Weeds are a part of gardening in Melbourne. One of the great things about gardening in Melbourne is the enormous range of plants that can be grown and also how quickly everything grows especially when some good rain comes. Unfortunately, this also applies to the weeds. There is also a wide range, and they grow rapidly under certain weather conditions. The key to effective Garden Weed Prevention and Control is to identify them and take action early. The best defences against garden weeds are vigorous plant growth and lots of mulch. The presence of particular weeds may be an indicator of other garden problems like compressed soil or incorrect PH.

What are weeds?

By definition, weeds are wild plants growing where they are not wanted. These can be split into the categories of garden, lawn, or environmental. These categories will include some broad-leaved trees, small noxious weeds, and even some commonly used lawn grasses such as Kikuyu grass and Clover. Invasive species can be either territorial or aquatic. For the environmental ones, the local councils like Melbourne City Council have provided some excellent resources for identification and eradication.

Where do invasive weeds come from?

Around 66% of these invasive species originated as garden ornamental plants or flowers, so care must be taken with garden plant selection, cultivation, and waste removal. An example of this is the Sweet Pittosporum (Pittosporum undulatum), which is often spread by the berries of variegated Pittosporums in gardens. Up to 40% of Australian native plant species are under threat from invasive weeds, and as most of these are escapees from gardens, it is up to the home gardener to take action. Often, weeds are quick growing, very hardy plants that can adapt to a wide range of growing conditions.

Also, the seeds can be spread by animals, especially birds, flowing water, wind, or human activities. Tasty weed berries or seeds are often spread over a wide area by birds. Weed seeds often take advantage of disturbed soil or other changes to the environment.

Docks and Sorrels

The docks and sorrels of the genus Rumex can be a problem in different parts of Australia. Broad leafed dock (Rumex obtusifolius) is more likely to be seen in the cooler climate of the southern states. The curled dock (Rumex crispus) looks similar but the leaves are more tapered with a wavy edge. The curled dock can be a pest in Victorian gardens and is difficult to remove due to its long tapered tap root. To prevent these regrowing it needs to be dug down to about 15cm. Dig them out in spring when they are most vulnerable.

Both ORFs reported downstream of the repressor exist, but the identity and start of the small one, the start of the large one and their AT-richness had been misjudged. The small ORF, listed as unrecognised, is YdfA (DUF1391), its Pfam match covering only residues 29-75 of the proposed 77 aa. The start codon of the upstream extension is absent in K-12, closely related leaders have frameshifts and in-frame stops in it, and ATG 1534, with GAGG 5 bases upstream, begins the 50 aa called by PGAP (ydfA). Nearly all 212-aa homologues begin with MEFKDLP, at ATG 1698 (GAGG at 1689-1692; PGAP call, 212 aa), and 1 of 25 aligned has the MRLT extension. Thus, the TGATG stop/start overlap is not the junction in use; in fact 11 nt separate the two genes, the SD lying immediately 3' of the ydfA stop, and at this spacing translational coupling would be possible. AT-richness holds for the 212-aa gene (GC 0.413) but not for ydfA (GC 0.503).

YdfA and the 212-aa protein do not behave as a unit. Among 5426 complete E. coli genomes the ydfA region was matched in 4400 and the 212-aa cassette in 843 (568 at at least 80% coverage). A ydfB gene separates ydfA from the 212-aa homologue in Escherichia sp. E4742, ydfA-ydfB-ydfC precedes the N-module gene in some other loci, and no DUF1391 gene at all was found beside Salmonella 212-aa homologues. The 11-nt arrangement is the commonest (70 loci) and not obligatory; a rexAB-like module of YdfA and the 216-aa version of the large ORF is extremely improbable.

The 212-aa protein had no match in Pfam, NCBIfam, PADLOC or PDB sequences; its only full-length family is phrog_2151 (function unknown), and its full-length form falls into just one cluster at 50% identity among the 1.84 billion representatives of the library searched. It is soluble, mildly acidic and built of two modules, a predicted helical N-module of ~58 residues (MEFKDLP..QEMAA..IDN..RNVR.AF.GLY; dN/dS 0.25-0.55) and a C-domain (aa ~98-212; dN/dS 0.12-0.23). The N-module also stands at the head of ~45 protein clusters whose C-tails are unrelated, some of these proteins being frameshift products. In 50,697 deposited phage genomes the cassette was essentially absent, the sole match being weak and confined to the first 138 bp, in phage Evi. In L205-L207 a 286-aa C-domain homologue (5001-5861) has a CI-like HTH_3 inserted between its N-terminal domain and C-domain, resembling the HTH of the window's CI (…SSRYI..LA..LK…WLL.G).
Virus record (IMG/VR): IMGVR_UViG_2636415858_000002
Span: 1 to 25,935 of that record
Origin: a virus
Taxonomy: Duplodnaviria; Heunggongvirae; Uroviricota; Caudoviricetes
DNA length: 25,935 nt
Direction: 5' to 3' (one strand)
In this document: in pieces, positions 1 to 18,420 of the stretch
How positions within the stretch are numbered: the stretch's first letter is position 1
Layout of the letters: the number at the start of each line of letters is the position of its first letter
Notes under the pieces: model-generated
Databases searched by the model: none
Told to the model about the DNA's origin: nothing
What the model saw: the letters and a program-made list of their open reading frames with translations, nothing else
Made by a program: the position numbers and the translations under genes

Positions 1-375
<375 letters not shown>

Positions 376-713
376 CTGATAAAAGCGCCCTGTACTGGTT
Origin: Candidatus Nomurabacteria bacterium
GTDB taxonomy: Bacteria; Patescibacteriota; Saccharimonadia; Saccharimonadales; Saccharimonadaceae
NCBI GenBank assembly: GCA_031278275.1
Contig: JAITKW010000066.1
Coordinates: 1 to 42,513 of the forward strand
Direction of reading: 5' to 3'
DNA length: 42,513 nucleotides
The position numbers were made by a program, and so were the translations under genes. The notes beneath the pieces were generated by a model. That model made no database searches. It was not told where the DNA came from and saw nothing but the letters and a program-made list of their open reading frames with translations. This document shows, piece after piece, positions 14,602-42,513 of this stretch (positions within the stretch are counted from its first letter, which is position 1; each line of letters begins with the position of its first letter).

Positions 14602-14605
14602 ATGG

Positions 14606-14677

Docks and Sorrels - Reds Landscaping and Design
Docks and Sorrels have a long tap root that needs to be dug out to prevent the weed returning.


Dandelion weeds

Dandelions also have long tap roots. If all of the tap roots are not removed, the weed will soon grow back. Dandelions in your lawn or garden can be an indicator of compressed soil or a lack of calcium. Dandelions can be dug out with a garden fork or with a special tool designed to dig out garden weeds with long tap roots.

Weeding a Dandelion - Reds Landscaping and Design
Weeding a Dandelion. Dandelions have a long tap root which must be dug our to prevent the weed returning.

Mimosa pudica

Mimosa pudica is a small prickly herbaceous shrub with divided leaves which react to being touched. It is native to Brazil and can be seen in Melbourne growing in damp conditions. Growing to around 50cm, it has fluffy pale purple or pink flowers. It is often seen on roadsides, pastures, crops and other disturbed soil in summer.

Mimosa prefers damp conditions - Reds Landscaping and Design
Mimosa prefers damp conditions.

Red pigweed

Red pigweed or Common Purslane (Portulaca oleracea) also known as verdolaga, pigweed, little hogweed, red root, pursley, and moss rose). This annual succulent may reach up to 40 cm in height. Widespread around the world, it is believed to also be an edible Australian native plant. Perhaps calling this one a weed is a bit harsh as it has been used as a herb and for medicinal purposes. See the link on edible weeds below.

Portulaca oleracea Garden Weed - Reds Landscaping and Design
Portulaca oleracea weed with thick, dark green tongue-like leaves and a small yellow flower in the center.

Common chickweed

Common chickweed or chickenweed (Stellaria media) This weed is often seen in gardens and cultivated land as it thrives where the lighter soil has been disturbed. It prefers high PH and humid, wet conditions. Common chickweed has small, star-like white flowers and fresh green oval leaves. It was once used to feed birds and chickens.